Pronunciation

Alternative forms

Verb

thee (third-person singular simple present thees, present participle theeing, simple past and past participle theed)

  1. (intransitive, Britain, obsolete) To thrive; prosper.
    • Spenser
      Well mote thee, as well can wish your thought.
Derived terms

Etymology 3

From Pitman zee, which it is related to phonetically and graphically, and the sound it represents.

Noun

thee (plural thees)

  1. The letter ?(?, which stands for the th sound /ð/ in Pitman shorthand.
Related terms
  • ith
  • eth, the name of the IPA letter for this sound

Anagrams


Acehnese

Etymology

From Proto-Chamic *th?w, from Proto-Malayo-Chamic, from Proto-Malayo-Sumbawan, from Proto-Sunda-Sulawesi, from Proto-Malayo-Polynesian *taqu, from Proto-Austronesian *Caqu.

Verb

thee

  1. to be informed

Dutch

Dutch Wikipedia has an article on:
Wikipedia nl

Etymology

Borrowing from Malay teh, from Min Nan ? (). The "-h-" is a faux-Greek spelling (compare Greek ? (tsái)).

Pronunciation

Noun

Gevuld theeglas
Filled tea glass

thee m (plural theeën, diminutive theetje n)

  1. tea

Derived terms

Descendants

  • Afrikaans: tee
  • -> West Frisian: tee
  • -> Dutch Low Saxon: thee
  • -> Danish: te
    • -> Faroese: te
  • -> English: tea
    • Gullah: tea
    • Jamaican Creole: tea
    • -> Abenaki: ti
    • -> Chickasaw: tii'
    • -> Cocopa: ?i·
    • -> Cornish:
    • -> Cree:
      Canadian syllabics: (tiy)
      Latin: tiy
    • -> Irish: tae
    • -> Maori: t?
    • -> Malecite-Passamaquoddy: ti
    • -> Mikasuki: ti'g'tlo'q, ji'gitlo'q ("kettle") (from "tea kettle")
    • -> Panamint: tii
    • -> Unami: ti
    • -> Welsh: te
  • -> French: thé
    • Haitian Creole: te
    • Louisiana Creole French: thé
    • -> Coeur d'Alene: liiti
    • -> Greek: (téïon)(with neuter suffix -ion)
    • -> Italian:
    • -> Norman: thée
    • -> Occitan:
    • -> Old Armenian: (ty) (post-classical)
      • Armenian: (t?ey)
    • -> Romansch: te, ,
    • -> Tiri: tee
    • -> Walloon:
  • -> German: Tee
    • -> German Low German: Tee
      • Plautdietsch: Tee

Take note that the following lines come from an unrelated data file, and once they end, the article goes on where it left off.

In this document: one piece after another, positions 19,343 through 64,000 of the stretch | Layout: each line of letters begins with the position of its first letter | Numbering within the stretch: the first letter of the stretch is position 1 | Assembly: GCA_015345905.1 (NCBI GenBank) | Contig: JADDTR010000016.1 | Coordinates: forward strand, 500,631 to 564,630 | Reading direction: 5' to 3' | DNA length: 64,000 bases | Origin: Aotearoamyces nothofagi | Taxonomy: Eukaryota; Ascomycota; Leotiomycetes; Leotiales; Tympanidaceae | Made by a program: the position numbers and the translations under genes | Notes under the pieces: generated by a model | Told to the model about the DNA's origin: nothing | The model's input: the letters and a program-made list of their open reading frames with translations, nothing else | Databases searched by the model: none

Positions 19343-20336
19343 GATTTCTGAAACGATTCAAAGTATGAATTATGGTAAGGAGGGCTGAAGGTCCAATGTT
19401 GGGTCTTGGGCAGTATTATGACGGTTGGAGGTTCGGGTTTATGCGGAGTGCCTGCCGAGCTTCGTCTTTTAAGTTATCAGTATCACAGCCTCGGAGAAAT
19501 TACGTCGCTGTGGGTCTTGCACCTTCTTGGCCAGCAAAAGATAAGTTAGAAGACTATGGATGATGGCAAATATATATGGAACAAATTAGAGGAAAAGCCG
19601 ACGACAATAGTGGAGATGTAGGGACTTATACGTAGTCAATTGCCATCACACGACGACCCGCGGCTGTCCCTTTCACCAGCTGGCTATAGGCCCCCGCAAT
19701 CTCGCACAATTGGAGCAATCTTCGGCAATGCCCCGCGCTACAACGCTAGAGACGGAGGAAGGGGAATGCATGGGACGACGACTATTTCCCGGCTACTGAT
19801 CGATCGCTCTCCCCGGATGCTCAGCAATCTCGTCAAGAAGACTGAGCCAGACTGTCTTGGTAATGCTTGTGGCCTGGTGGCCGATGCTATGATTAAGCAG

• -> Estonian: tee
    • -> Hunsrik: Tee
    • -> Lower Sorbian: tej
    • -> Romansch: te, ,
    • -> Saterland Frisian: Tee
    • -> Silesian: tyj
      • -> Slovene: te(dialectal)
    • -> Silesian German: Tee
    • -> Vilamovian: tyy
    • -> Zipser German: Tee
  • -> Icelandic: te
  • -> New Latin: thea
    • => Latin: herbathea ("herb tea")
      • -> Polish: herbata
        • -> Belarusian: (harbáta)
        • -> Kashubian: arbata
        • -> Lithuanian: arbata
        • -> Samogitian: erbeta
        • -> Ukrainian: (herbáta), (herbátka)
  • -> Latvian: t?ja
  • -> Norwegian:te
  • -> Spanish:
  • -> Sranan Tongo: te
  • -> Swedish: te, the, thé
    • -> Finnish: tee

Anagrams


Middle English

Etymology 1

From Old English þ?.

Pronoun

thee

  1. Alternative form of þe

References

Etymology 2

From Old English þ?on.

Verb

thee

  1. Alternative form of theen

Old Irish

Adjective

thee

  1. Alternative spelling of thé: lenited form of tee ("hot").

Scots

Etymology 1

From Old English þ?oh, from Proto-Germanic *þeuh?, ultimately from Proto-Indo-European *tewk-.

Pronunciation

Noun

thee (plural thees)

  1. thigh

Etymology 2

From Middle English theen, from Old English þ?on, from Proto-Germanic *þinhan?.

Verb

thee (third-person singular present thees, present participle theein, past theet, past participle theet)

  1. (archaic, literary) To thrive, prosper